Peter Gargone, chief executive of n-Tier, comments on FINRA’s latest decision on CAT reporting.
Trade compliance, regulatory operations, and technology managers at US broker-dealers will need to quickly cross their Ts and dot their I’s when it comes to documentation, data and IT if they want to pass muster with the Financial Industry Regulatory Authority’s examiners for reporting to the new Consolidated Audit Trail (CAT) and survive one of the trickiest milestones — interfirm linkage reporting– just around the corner.
FINRA’s examiners are starting to show up at broker-dealers’ doorsteps — virtually that is– checking up on the entire reporting lifecycle and its accuracy. As of June 22, large and small broker-dealers had to report information on trades executed for customers — including institutional investors– if they had already reported on the Order Audit Trail System (OATS), a predecessor to CAT. The date was July 20 for simple options trades. By December 13, all broker-dealers must start reporting on equities and options trades to the CAT, a single large database storing information on equities and options transactions executed on exchanges and over-the-counter. Of the estimated 1,700 brokers that must file CAT reports, about 800 have never even filed OATS reports. That is because OATS reporting only applies to FINRA members, whereas CAT reporting applies to all broker-dealers registered with the Securities and Exchange Commission. The goal of CAT is to help regulators track illegal or manipulative trades more quickly in the wake of May 2010 flash crash whose cause took months to unravel. Although the SEC agreed to the creation of CAT back in 2012, its launch was marred by multiple delays with FINRA finally replacing Thesys Technologies as the CAT processor in February 2019. The processor is responsible for developing and operating CAT.
Trade compliance managers at several broker-dealers who spoke with FinOps Report are worried FINRA will crack down heavily on consistent offenders — or those who make too many CAT reporting mistakes too often– with warnings and hefty penalties. FINRA has not disclosed the methodology it will use to fine firms who can’t get their reporting in order which means less than a five percent error rate for initial submissions and two percent error rate for resubmissions. Based on FINRA’s track record of fines for poor OATS reporting, broker-dealers should expect to fork over at least US$1 million for not meeting individual CAT thresholds. The threat of fines could help FINRA decommission OATS by mid-2021, if the broker-dealer community meets multiple litmus tests which include an average error rate of less than five percent over 180 days for initial submissions and of less than two percent for post-correction resubmissions. A single outlier won’t affect the thresholds, but too many will. Given the vast amount of data and the large number of trades that must be reported, the percentages are low. The three days firms have to correct any errors flagged by FINRA isn’t that much time. It actually comes down to less than two days because FINRA doesn’t provide feedback on any errors until 12 PM EST on T+1 (the day after the trade is executed) and firms don’t have to report trades until 8AM EST on T+1. All firms need are a few mistakes each day and within a few weeks the backlog of errors could easily become too difficult to fix quickly. Correcting mistakes on CAT reports is harder than on OATS reports. So far, broker-dealers seem to be on track to meet FINRA’s timeline to shutter OATS, but future deadlines could change the momentum. As of August 15, FINRA’s report card for CAT indicated an average error rate of 3.12 percent for equity events compared to 1.29 percent for options events based on 63.5 billion average weekly events for equities and 6.5 billion events for options.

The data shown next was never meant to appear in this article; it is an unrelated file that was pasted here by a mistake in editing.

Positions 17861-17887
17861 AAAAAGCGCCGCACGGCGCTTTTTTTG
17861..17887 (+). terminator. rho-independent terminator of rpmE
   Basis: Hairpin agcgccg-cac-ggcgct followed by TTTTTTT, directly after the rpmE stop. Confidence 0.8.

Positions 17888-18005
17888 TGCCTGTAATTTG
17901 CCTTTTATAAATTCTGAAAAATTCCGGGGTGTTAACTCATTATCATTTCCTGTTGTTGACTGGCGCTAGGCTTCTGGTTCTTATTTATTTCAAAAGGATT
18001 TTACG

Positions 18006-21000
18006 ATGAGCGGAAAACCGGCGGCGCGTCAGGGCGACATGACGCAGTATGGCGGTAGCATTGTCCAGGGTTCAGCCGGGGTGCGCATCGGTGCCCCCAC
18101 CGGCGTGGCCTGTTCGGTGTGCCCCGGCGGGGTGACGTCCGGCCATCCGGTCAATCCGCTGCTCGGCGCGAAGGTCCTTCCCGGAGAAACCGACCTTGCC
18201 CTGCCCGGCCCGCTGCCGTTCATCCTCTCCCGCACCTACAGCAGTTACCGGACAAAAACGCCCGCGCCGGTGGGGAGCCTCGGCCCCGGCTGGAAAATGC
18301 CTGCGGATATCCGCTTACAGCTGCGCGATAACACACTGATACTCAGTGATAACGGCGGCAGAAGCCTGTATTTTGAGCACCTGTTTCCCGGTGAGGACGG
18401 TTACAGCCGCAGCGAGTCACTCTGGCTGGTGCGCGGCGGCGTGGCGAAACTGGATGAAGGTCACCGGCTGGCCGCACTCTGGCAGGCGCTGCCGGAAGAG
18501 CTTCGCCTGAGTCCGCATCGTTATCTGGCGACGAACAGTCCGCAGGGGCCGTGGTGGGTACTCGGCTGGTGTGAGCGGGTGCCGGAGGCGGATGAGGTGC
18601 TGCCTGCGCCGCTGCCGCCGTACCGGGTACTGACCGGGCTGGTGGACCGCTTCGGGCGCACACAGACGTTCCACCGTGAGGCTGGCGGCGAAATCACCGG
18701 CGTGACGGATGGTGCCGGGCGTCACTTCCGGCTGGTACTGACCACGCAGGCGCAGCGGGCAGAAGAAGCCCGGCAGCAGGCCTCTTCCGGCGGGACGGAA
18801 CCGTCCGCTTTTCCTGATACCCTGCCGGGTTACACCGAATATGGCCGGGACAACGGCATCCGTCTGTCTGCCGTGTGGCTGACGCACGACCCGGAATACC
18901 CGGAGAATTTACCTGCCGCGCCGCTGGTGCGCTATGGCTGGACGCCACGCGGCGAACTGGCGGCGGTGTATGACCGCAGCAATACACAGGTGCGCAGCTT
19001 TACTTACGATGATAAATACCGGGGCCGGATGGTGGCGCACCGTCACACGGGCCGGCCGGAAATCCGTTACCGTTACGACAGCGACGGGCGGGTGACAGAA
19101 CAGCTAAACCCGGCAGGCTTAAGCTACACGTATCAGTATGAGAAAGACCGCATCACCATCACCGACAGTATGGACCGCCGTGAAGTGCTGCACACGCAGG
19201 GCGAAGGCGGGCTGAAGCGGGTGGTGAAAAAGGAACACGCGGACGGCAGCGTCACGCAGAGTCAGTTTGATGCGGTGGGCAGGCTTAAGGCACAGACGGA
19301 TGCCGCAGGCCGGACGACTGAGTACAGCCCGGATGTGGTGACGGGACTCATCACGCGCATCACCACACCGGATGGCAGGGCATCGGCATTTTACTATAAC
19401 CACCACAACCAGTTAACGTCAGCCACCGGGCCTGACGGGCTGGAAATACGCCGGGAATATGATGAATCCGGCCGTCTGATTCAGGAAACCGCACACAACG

FINRA’s examiners will expect broker-dealers complying with CAT reporting to answer the who, what, when, where, how and why in their written policies, procedures, controls, and governance, including the names of any reporting agents and third-party order management and smart-order routing systems along with their delivery models. “Policies and procedures refer to where the data is accessed from, how it is migrated to the reporting system, and who touches the data if anyone,” says Peter Gargone, chief executive of n-Tier, a New York-based software firm focused on data management for regulatory reporting. “Controls refer to how data completeness and accuracy are ensured to guarantee all of the right information is reported for events and in data fields.” The name and title of the person in charge of the CAT reporting process, likely a principal with a Series 24 license from FINRA, must be listed in the governance section along with the process used to escalate mistakes. As is typically the case with documentation, multiple departments will be involved. “Compliance departments should take charge of drafting the language explaining the policies, procedures and governance with input from the regulatory reporting department which will explain the sources of the data and data verification measures,” recommends Steven Goune, practice head of finance, risk, regulatory and compliance at Capital Markets Advisors, a regulatory compliance, risk and financial services IT consultancy in New York. “The process for data validation will likely be left to the IT department.”
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